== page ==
A short or long string of beads is used to count mantras or bows in sets of 108 repetitions.
Hold your beads in your hand and use your thumb to “count” each mantra by touching the bead during the recitation and then lightly pushing the bead away on completion and moving to the next bead. The large header bead should not be counted by the thumb and is used as a starting and ending point of the recitation. Continue by pulling the ordinary beads until you again end at the large header bead, and repeat this until you have done 108 recitations, or any multiples of 108.
A moktak is a hollow, wooden percussion instrument used to mark the rhythm of chanting. It is shaped like a fish or pumpkin, it is round and used in Buddhist ceremonies or daily practice of chanting.
It is the most representative among the ceremonial instruments used by Mahayana Buddhist practitioners. To make a moktak, they carve wood into a large bell, drill a hole through the center, and cut out a substantial part of the interior with a lathe. There is a nice oil finish applied to the surface in the end. It is played by hitting with a wooden stick.
The best material for making moktak is the jujube tree, yet wood from birch, ginkgo, zelkova or any hard wood is popularly used as well. There are two types of moktak: one is the large moktak, which is placed upon a cushion and usually used in Chinese or Japanese ceremonies. In Korea as well as our school, we use only the smaller handheld ones during chanting inside the Buddha halls.
Traditional Korean bells take after the classic Chinese design, a bronze dome with patterned metal knots in the upper part. The bell is usually hit with a wooden stick, and the patterned knots give a second tone over the basic tone. Most Korean bells have a pleasant, multi-tonal, warm sound, easy to connect with, inspiring chanting. When you chant at the same tone as the bell, this is a wonderful experience of becoming one.
When there is no traditional Korean bell, we can use a Chinese bell or a gong (not displayed here). There are many types and the best is to choose the sound that we connect with the most. The best bells have a clear, rich, sonorous vibration, full of harmonious overtones and undertones, emphasized usually by two or three main tones. The main tones help the person chanting the morning or evening bell chant find the correct pitch. The ideal result is when the person and the bell make a harmonious, unified sound.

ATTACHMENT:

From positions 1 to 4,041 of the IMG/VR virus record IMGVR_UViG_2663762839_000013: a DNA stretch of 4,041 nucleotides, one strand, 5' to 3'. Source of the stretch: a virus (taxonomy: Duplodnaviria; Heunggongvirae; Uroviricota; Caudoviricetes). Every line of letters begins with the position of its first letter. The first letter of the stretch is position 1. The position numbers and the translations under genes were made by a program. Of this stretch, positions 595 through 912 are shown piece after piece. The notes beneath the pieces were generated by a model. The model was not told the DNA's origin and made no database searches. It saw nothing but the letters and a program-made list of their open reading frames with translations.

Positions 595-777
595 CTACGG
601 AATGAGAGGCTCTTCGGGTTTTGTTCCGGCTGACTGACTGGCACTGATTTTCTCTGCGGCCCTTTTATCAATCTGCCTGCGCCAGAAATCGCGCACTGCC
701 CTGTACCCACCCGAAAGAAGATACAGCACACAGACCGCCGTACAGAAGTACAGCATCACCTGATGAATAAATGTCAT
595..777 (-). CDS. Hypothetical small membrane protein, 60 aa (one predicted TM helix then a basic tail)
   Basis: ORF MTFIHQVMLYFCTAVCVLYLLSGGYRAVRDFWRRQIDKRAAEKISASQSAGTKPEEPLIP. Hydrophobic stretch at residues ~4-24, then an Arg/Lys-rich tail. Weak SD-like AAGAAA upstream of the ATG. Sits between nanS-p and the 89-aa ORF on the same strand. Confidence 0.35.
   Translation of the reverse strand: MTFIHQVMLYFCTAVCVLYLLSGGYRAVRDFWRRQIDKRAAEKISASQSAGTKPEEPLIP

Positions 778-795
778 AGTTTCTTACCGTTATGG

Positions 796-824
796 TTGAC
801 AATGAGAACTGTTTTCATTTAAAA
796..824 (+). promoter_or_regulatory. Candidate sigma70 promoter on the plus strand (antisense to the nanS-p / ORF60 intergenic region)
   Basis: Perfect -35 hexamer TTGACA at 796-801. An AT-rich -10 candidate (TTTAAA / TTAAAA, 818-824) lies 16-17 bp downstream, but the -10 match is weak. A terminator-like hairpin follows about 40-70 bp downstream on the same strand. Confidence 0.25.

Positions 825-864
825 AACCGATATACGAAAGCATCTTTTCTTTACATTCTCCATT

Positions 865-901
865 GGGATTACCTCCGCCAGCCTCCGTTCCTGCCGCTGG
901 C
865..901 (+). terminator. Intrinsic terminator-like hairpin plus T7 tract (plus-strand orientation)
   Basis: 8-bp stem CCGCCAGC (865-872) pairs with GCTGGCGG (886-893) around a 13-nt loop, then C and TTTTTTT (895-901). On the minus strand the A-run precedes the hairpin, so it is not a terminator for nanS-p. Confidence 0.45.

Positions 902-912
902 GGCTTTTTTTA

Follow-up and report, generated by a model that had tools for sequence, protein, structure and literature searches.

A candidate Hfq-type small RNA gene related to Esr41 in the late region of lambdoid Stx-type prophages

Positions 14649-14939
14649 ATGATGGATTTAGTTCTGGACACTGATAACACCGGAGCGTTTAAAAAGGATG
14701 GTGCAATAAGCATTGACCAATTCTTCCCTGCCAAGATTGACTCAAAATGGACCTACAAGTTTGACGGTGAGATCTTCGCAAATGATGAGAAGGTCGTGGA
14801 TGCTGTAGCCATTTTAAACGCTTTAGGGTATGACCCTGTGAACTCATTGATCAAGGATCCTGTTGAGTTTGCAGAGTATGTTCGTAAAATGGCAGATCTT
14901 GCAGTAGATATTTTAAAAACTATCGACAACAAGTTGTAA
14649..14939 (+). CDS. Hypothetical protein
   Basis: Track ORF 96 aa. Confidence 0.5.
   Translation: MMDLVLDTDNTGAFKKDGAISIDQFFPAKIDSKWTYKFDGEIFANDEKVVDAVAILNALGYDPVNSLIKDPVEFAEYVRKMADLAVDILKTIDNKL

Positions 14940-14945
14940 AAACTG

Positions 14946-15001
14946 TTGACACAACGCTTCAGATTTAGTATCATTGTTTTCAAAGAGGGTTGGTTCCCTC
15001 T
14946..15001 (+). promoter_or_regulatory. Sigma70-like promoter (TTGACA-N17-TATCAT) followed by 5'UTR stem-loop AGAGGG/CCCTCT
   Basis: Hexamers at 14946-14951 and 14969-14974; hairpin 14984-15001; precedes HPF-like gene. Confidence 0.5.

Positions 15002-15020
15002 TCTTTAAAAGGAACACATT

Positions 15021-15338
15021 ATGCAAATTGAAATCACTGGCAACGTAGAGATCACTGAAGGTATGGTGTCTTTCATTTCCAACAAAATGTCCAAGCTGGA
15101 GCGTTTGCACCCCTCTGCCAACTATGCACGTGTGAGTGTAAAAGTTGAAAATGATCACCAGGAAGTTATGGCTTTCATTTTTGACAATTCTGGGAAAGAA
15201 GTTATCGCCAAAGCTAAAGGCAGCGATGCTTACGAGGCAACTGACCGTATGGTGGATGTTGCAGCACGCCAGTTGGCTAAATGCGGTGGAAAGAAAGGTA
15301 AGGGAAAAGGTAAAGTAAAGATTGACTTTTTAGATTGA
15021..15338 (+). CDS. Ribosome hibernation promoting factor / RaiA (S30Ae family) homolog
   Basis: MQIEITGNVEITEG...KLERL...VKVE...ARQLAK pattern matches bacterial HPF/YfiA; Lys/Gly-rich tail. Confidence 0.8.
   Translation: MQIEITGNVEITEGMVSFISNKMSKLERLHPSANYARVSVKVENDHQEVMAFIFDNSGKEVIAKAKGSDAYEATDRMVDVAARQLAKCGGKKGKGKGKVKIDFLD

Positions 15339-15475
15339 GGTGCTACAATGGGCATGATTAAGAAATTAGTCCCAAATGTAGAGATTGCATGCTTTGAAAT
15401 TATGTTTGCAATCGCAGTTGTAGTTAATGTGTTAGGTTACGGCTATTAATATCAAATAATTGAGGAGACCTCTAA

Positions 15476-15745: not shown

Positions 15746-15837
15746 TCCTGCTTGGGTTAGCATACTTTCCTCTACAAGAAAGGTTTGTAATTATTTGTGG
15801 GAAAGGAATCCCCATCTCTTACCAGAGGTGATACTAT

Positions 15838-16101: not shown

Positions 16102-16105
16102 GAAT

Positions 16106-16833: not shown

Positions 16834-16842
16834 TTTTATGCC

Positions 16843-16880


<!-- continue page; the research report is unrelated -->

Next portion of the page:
BACKGROUND: Altar Painting
Most paintings serve as a background image to the statues, depicting the embodiment of the statue (any Buddha or Bodhisattva) as the main figure, and various companions and historical scenes to surround and emphasize the main figure.
TOP LEVEL: Buddha Statue
A Buddha statue can be of many materials – wooden with golden gilding (traditional Korean style), or simply plain wood (usually finished with oil or some natural paint) or from stone. When the statue is newly placed on the altar, we always do a Buddha’s Eye Opening Ceremony. Usually, before this ceremony, the statue is filled with precious objects such as scrolls, jewels, relics, usually with some specific mantras added, relevant to the kind of Buddha statue at hand. All the precious objects are sealed in. Then the statue goes through the ceremony and from that point in time it can be used for practice.
MID-LEVEL: Offerings (food, gifts and flowers)
There are always three bowls on the altar – one with water (middle), one with rice (left) and if possible – one more with other, durable food (lentils or beans, for example).
We always offer the food that we eat. Such offerings are not restricted only to rice. In order not to waste the food, we always share the food among ourselves after the food has been offered. Also, we make sure to make an offering whenever we receive a gift.
Sweets and fruit are arranged in piles on trays with high bases and placed to the left of the container with rice and to the right of the container with other durable food. The large fruit and/or sweets should be odd in kind and in number.
You may learn more about the meaning and significance of offering ceremonies in the ‘Rice Offering’ section.
LOW LEVEL: Candles, Incense, Moktak & Chugpi
On the lower shelf of the altar we place incense burner and candlesticks. We also place here moktak, chugpi, walking stick and candle extinguisher.
We use recycled foam mats with cotton cover and cushions filled with buckwheat husk. The filling can vary depending on the use of the cushions and mats, in all they are supposed to serve your practice by providing a heat-proof, soft but not too soft underpinning. The mats should be hard enough to bow on and soft enough to sit on, either extreme makes practice difficult on them. The cushions are never filled fully, the extra space is used to shape the cushion suitably for sitting and chanting.
The wake-up stick is approximately 120 cm long. It has a rounded handle at one end that tapers into a flat 9 cm wide surface after about a foot from the handle end. The feel of the stick should be flexible and light.
This stick is being used during sitting meditation to give a relief to stiff muscles. There are two places where you can receive a hit – your back or your shoulders. You receive this hit only if you wish to. The whole procedure has a specific form. The Head Monk / Nun / Dharma Teacher or any senior student will help you through this for the first time, and as many times as you need afterwards.
Chugpi is a partially split wooden or bamboo stick used to indicate the beginning and the end of sitting and walking meditation.
It is also used during the formal meal to separate the various phases, as well as to synchronize bows during a ceremony.